Yes, after weeks of deadly dryness, the water level falling in the pond, and crunchy grass in the pastures, what a blessing to finally get some rain. I got soaking wet opening gates to allow the animals to get in their shelters, and was thrilled to feel all that unaccustomed water falling on me outside. Who knows how long it will last, but I guess we’ll just have to be thankful for whatever we get.

And while on the subject of being thankful, I just received a phone call that reminded me how very fortunate I am, and how much I have to be thankful for.

I didn’t know the lady who called, but she soon apprised me of who she was and how she knew ME. It seems she was a sort of step-daughter-in-law (long story) to one of the veteran’s I wrote to. She lived in the same area as the nursing home he was in, so would sometimes check in on him.

I’d already guessed her news, as earlier this week I had a letter returned from the nursing home. Yes, sad to say, but my sweetheart of a veteran had passed away.

Even sadder to say, his two sons did not bother to attend the funeral. It seems Dad didn’t have any money left to hand out, so they hadn’t been in contact with their father for years. My caller informed me there were very few people at the funeral, and that it was a pretty dismal affair.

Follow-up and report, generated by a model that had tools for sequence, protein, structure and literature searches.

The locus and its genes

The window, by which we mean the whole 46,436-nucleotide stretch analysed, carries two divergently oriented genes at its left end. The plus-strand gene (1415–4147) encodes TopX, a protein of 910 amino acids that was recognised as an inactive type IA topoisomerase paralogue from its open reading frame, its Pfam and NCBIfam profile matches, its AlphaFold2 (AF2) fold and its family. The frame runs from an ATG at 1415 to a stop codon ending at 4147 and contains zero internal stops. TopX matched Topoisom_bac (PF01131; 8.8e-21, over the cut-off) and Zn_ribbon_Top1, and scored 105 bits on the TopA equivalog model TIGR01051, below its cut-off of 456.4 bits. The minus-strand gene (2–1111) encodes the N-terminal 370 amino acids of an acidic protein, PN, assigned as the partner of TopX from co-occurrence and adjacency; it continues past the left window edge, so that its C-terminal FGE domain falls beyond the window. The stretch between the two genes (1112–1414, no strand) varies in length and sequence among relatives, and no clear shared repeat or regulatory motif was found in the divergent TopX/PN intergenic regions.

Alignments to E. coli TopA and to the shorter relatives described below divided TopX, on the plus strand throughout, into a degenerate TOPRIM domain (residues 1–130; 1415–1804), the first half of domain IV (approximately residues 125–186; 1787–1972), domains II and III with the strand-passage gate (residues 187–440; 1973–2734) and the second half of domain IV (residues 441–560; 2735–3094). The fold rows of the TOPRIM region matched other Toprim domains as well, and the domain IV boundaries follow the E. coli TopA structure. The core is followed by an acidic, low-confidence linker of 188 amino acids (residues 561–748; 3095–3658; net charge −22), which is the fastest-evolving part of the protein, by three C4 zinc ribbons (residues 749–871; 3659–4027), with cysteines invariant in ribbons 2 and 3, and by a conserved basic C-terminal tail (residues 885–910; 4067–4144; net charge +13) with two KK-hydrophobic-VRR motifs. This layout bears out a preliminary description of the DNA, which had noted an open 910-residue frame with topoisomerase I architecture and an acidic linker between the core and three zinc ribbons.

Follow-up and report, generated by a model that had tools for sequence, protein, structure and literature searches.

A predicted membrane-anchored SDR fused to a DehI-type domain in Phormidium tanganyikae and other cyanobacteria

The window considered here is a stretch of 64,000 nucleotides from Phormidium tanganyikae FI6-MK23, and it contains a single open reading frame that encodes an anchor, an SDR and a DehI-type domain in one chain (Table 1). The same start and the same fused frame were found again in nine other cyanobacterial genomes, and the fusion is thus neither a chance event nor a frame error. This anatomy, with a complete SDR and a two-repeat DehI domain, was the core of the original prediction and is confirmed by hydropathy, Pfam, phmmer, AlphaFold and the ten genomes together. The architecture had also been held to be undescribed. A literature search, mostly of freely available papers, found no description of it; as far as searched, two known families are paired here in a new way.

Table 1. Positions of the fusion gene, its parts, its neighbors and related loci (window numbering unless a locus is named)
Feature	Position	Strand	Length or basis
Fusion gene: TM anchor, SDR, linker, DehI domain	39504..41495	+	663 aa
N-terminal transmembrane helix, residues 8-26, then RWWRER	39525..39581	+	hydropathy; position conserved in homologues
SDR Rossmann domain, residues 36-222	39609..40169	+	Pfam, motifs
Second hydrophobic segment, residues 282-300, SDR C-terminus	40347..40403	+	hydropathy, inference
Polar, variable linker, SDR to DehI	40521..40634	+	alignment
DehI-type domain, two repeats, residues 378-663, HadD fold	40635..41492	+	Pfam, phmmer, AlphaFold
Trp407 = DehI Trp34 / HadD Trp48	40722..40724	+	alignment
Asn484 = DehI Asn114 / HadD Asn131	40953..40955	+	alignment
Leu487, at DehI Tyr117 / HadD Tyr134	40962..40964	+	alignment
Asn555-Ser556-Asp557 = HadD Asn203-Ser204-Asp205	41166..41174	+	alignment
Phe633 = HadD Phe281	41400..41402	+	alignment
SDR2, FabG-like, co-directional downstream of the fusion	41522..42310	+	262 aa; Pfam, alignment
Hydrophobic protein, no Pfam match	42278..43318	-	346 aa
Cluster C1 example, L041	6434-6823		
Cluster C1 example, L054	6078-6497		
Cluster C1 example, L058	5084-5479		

Later, when she started going through his meager possessions, she kept seeing stuff with my name on it. Letters, pictures, tapes – he had kept every letter I’d sent him. She looked at the letters and listened to some of the tapes, and realized we had been in correspondence for some time. Yes, it had been about four years.

After explaining all this, she came to the main reason for her call. She wanted to thank me for being there for Dick, for “giving him a window to the outside world”, and caring for him when he had so few people who bothered, including his own sons.